Health

Study: Consuming Small Amount Of Alcohol During Pregnancy Carries Risk

| by Jordan Smith
pregnant woman in bathing suitpregnant woman in bathing suit

A study by the American Academy of Pediatrics (AAP) has revealed that mothers who consume small quantities of alcohol during pregnancy are putting their babies at risk.

The result of consuming any level of alcohol is an increased danger of physical and mental disabilities, according to Medical News Today.

“The research suggests that the smartest choice for women who are pregnant is to just abstain from alcohol completely,” said Dr. Janet Williams, a co-author of the study, according to Medical News Today.

The investigation indicates that any alcoholic consumption by a pregnant mother brings with it greater risk of miscarriage, stillbirth, premature birth or sudden infant death syndrome. Fetal alcohol spectrum disorder (FASD) remains a threat even if the baby is born healthy.

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The study’s authors consider FASD to be “the most preventable form of intellectual disability.”

FASD can result in attention-deficit hyperactivity disorder or learning difficulties such as problems with mathematics and language, information processing and memory skills.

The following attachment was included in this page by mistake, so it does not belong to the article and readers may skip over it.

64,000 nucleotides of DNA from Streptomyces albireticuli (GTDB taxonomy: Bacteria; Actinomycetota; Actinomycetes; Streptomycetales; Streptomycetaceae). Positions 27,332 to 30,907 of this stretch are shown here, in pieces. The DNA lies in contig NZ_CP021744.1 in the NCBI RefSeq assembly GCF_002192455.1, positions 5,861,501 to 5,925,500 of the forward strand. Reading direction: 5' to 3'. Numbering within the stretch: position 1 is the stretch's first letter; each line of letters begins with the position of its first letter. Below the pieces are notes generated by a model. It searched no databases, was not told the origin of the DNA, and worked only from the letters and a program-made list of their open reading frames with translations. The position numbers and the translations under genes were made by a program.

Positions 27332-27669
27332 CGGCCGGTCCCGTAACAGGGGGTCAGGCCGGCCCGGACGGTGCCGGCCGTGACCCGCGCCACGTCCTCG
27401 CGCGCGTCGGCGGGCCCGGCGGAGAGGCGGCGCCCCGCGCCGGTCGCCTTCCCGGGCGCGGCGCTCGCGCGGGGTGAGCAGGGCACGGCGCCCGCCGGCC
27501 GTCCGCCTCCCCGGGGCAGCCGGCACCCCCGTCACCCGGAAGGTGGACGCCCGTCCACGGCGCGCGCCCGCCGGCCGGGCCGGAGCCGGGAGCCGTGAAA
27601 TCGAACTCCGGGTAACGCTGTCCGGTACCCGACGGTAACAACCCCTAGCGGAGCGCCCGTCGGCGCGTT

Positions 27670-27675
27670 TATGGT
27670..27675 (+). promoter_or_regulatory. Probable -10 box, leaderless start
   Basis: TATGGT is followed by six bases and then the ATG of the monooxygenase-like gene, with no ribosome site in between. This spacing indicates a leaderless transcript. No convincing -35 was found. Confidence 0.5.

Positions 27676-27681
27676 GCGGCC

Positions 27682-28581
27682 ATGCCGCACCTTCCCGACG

Physically, FASD can cause impaired vision or hearing and facial deformities. It can also impact the structure and functionality of the brain, bones, spine or heart.

The study estimates that drinking alcohol during the first trimester increases the likelihood of FASD by a factor of 12 compared to no drinking. It rises to 61 during the second trimester, and alcoholic consumption throughout an entire pregnancy results in the danger growing by 65 times.

“No alcohol use during pregnancy guarantees that fetal alcohol spectrum disorders will not occur,” Williams said, according to Live Science.

Medical News Today reported that about 50 percent of childbearing-age women in the U.S. had admitted to drinking alcohol in the past month, while 8 percent admitted to doing so while pregnant.

Williams, a professor of pediatrics at the University of Texas Health Science Center at San Antonio, explained that one reason motivating the publication of the study was to counter recent research suggesting that low levels of alcohol consumption did not pose a risk, Live Science reported.

Sources: KPTV, Medical News Today, Live Science / Photo credit: Montse PB/Flickr